Dunnington Mansion for sale? Unique proposal given to foundation

Published 8:00 am Friday, May 17, 2024

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Years after seeing a bid to buy the property rejected, members of the Dunnington Mansion Foundation (DMF) may have another chance. The mansion’s current ownership group has told the foundation they’re willing to listen, with some qualifiers. 

If the DMF raises enough money to come to the negotiating table with a “fair offer” and the money needed to immediately start work, they’ll hear out the proposal and consider selling them the property. But there is a flipside to that.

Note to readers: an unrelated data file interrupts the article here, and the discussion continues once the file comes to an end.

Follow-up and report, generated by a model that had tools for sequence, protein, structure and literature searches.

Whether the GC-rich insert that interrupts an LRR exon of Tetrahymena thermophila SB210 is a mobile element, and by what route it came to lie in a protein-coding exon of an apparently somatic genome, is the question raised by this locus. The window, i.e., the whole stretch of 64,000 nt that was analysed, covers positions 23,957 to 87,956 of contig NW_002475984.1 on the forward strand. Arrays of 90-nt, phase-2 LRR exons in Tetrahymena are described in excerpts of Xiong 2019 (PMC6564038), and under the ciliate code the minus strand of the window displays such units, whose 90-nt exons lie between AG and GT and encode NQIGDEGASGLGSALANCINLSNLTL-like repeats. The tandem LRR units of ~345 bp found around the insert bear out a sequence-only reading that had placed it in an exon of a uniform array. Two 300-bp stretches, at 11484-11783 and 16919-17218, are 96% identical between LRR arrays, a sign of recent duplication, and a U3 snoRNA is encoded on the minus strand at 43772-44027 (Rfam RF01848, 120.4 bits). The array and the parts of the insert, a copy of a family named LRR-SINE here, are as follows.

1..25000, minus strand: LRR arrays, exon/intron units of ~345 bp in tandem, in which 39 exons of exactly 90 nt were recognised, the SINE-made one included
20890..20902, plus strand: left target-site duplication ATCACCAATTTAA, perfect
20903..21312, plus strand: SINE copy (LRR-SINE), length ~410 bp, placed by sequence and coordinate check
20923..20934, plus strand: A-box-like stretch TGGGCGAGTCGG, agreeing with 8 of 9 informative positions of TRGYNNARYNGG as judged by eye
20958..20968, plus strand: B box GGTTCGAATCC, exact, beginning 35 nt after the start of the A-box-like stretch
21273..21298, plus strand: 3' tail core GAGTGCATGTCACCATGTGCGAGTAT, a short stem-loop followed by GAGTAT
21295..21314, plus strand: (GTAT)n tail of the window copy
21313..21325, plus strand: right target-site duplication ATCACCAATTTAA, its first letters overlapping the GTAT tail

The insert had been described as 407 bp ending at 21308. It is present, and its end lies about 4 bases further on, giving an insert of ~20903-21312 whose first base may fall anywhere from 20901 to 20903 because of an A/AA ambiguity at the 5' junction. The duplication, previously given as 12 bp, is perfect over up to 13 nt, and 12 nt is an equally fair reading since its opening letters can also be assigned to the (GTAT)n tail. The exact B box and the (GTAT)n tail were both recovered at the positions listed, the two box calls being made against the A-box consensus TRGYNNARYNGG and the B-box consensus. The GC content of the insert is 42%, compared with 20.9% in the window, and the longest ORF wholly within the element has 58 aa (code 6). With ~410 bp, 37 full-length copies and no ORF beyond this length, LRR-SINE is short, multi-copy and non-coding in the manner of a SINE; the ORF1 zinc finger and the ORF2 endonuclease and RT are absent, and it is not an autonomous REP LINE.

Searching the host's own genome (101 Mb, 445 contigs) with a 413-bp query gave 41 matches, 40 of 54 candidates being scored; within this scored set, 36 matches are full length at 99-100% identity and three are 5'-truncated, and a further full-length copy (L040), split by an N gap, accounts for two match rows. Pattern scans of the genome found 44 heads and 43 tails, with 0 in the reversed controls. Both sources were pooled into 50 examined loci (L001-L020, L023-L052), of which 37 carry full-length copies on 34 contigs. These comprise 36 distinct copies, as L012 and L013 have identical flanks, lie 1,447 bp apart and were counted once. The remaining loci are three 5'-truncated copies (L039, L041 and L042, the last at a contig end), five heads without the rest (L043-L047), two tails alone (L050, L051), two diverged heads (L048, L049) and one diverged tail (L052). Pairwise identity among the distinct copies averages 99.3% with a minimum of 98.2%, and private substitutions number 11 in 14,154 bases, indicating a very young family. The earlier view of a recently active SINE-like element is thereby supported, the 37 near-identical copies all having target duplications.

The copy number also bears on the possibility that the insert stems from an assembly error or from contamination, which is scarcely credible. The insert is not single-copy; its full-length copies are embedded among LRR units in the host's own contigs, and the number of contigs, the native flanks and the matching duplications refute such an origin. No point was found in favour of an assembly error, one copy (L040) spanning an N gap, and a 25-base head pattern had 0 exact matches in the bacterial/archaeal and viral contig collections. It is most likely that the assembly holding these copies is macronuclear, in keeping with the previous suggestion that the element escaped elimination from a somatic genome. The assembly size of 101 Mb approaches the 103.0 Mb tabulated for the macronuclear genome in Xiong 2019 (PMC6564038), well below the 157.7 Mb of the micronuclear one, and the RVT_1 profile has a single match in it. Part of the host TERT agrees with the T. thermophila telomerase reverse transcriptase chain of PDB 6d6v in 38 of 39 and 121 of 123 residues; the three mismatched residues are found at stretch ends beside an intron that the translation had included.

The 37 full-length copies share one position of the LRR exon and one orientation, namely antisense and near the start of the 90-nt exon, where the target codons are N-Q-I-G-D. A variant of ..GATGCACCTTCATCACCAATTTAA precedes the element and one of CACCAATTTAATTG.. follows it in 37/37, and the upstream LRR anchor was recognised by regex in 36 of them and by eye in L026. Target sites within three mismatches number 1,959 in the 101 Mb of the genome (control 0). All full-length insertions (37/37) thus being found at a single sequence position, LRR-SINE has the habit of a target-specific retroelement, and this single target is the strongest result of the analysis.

“If we fail to raise the required funds or do not raise them quickly enough, the fate of the mansion will likely fall to residential developers or a private business,” said Heather Beach. She serves as DMF President. “Our goal is not only to save the mansion, but to safeguard its history! To be clear though, we are absolutely in no way guaranteed the right to purchase this property unless we come to the negotiating table with a fair offer and the funds to start immediate stabilization. We have had a Richmond-based renovation company put over 100 hours into restoration estimates for us. They are ready to go if we can acquire the property”. 

So that’s where the DMF’s plan currently stands. They have the opportunity to at least make a bid on the property, but it’s not going to be cheap.